WANTED: The man who shot the sheriff.note He didn't shoot the deputy, though.
Bob Marley (February 6, 1945 - May 11, 1981) was a Jamaican musician who popularized reggae as a musical art and (by association) Rastafari as a religious movement throughout Jamaica and the world at large.He was the lead singer for the Wailers, a Jamaican reggae and ska group which started in 1963 and lasted until 1974. During that time, Marley recorded many songs, both as a solo artist and in conjunction with the band, and many of those songs were released in the years following his death from cancer in 1981. Among his most well-known hits are "Get Up, Stand Up," "One Love," "I Shot the Sheriff," "Buffalo Soldier," "Redemption Song," "No Woman No Cry," and "Iron Lion Zion."Among his posthumous achievements: He was inducted into the Rock and Roll Hall of Fame in 1994, awarded the 2001 Grammy Lifetime Achievement Award, and had a statue of his likeness erected at Arthur Wint Drive in Kingston, Jamaica. Additionally, he appears in several works of tourism-related art and across various media, including having an Expy, "Bob, the King of Reggae," in the Twin Of Twins' "Stir It Up" dancehall series.Marley's most recognizable physical feature is his dreadlocks hairstyle, which has since become synonymous with Jamaican culture and is a favorite hairstyle for several reggae and Jamaican dancehall artistes and also generally for both men and women worldwide.He has an official website. The Other Wiki also has a greatly detailed page on him.A separate article exists about his album Exodus.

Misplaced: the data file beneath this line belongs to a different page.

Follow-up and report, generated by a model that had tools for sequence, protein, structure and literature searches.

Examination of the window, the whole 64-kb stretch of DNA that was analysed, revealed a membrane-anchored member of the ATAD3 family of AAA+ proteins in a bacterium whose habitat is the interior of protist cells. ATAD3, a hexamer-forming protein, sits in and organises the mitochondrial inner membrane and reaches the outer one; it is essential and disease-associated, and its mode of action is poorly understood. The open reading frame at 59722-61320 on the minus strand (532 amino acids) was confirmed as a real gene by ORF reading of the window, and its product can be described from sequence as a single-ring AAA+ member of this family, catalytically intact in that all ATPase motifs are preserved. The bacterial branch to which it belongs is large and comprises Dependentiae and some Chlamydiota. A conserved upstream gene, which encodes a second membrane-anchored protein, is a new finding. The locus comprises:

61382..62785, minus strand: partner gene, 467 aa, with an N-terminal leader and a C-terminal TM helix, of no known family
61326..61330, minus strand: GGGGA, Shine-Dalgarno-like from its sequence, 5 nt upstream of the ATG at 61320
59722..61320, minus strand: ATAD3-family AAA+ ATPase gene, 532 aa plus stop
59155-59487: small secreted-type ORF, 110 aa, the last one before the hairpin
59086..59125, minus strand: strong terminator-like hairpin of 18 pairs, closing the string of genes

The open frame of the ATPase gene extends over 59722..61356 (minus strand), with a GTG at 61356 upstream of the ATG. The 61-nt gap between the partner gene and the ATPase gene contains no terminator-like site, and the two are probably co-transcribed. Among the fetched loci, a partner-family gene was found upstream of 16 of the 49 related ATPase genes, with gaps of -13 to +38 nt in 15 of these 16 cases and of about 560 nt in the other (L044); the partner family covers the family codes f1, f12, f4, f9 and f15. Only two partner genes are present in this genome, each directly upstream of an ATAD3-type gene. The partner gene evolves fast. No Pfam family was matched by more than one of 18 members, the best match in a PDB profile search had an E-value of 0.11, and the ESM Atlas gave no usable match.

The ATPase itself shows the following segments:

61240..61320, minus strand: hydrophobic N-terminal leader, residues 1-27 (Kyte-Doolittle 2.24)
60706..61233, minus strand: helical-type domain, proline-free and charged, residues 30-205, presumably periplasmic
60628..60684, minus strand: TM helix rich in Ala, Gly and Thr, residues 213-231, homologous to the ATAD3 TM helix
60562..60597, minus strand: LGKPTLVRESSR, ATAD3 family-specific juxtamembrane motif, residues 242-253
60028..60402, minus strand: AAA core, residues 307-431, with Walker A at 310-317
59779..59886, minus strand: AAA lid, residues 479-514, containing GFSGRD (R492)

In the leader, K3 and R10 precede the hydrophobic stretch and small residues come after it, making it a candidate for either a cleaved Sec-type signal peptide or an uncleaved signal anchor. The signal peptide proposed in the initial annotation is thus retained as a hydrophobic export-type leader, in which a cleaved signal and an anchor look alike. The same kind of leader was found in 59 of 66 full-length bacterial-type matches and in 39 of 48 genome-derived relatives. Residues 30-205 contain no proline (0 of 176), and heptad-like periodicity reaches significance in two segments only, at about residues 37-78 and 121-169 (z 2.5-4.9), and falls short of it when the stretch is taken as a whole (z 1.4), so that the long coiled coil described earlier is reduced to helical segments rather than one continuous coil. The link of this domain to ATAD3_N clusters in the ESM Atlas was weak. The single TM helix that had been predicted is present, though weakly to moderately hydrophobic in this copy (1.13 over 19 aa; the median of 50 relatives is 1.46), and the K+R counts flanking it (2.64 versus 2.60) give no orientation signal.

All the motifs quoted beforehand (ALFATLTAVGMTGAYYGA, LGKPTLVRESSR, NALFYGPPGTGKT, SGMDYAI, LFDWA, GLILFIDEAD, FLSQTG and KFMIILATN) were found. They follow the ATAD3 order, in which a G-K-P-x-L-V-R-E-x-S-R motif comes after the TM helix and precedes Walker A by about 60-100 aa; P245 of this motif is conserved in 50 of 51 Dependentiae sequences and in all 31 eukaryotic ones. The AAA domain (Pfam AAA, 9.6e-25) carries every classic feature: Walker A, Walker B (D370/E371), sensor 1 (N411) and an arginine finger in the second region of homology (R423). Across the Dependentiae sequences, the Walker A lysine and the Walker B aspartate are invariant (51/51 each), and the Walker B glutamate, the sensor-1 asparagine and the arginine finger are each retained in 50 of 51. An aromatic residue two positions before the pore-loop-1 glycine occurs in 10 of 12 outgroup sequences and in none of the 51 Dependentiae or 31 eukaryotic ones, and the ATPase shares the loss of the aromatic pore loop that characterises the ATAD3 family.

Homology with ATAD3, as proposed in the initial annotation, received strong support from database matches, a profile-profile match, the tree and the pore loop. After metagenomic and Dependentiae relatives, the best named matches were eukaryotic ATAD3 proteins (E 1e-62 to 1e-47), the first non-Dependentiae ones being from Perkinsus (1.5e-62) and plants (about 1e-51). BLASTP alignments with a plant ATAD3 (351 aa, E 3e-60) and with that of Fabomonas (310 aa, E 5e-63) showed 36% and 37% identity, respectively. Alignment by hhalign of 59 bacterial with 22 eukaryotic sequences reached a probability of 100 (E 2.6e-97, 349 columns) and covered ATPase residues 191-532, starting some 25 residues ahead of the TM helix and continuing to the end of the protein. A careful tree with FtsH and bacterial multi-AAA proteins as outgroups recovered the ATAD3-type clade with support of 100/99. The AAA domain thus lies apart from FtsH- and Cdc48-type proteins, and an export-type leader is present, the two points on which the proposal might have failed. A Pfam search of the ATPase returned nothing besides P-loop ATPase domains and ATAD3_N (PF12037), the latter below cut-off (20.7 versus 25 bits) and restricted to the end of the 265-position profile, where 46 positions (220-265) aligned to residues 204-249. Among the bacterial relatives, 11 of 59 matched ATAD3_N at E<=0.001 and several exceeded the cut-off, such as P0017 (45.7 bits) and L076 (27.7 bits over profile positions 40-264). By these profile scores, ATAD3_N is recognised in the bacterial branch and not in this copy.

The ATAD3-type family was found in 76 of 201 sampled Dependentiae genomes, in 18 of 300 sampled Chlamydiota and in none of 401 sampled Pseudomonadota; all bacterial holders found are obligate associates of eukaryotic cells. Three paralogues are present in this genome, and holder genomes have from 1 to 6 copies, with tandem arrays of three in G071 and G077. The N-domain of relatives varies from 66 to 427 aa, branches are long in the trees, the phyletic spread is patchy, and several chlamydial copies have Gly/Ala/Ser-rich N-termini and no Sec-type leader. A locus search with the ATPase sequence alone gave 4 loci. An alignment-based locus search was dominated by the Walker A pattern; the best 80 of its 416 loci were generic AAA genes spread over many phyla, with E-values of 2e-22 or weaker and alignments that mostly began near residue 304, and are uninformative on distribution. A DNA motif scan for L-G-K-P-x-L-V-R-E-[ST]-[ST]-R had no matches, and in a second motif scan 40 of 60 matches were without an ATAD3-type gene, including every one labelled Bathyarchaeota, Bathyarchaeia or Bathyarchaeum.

The line "you can fool some people some time, but you cannot fool all the people all the time" in "Get Up, Stand Up", is a variation on a famous quote by Abraham Lincoln although it's a Peter Tosh line not Marley (Marley does perform it on live albums after Peter left The Wailers though).
Marley's famous death bed quote to his son Ziggy "Money Can't Buy Life" is actually the title of a 1962 calypso song by Eric Morris.
Concept Album: Survival, about apartheid in Africa and encouraging its population to fight against it.
Darker and Edgier: Done several times, on account of his varying between pop reggae and political reggae. Soul Rebels from 1970 is a much darker album than most of The Wailers' other records from the period. Catch A Fire is darker than most of his other Island Records albums. Survival from 1979 is a darker album than its predecessor Kaya, something which was intentional.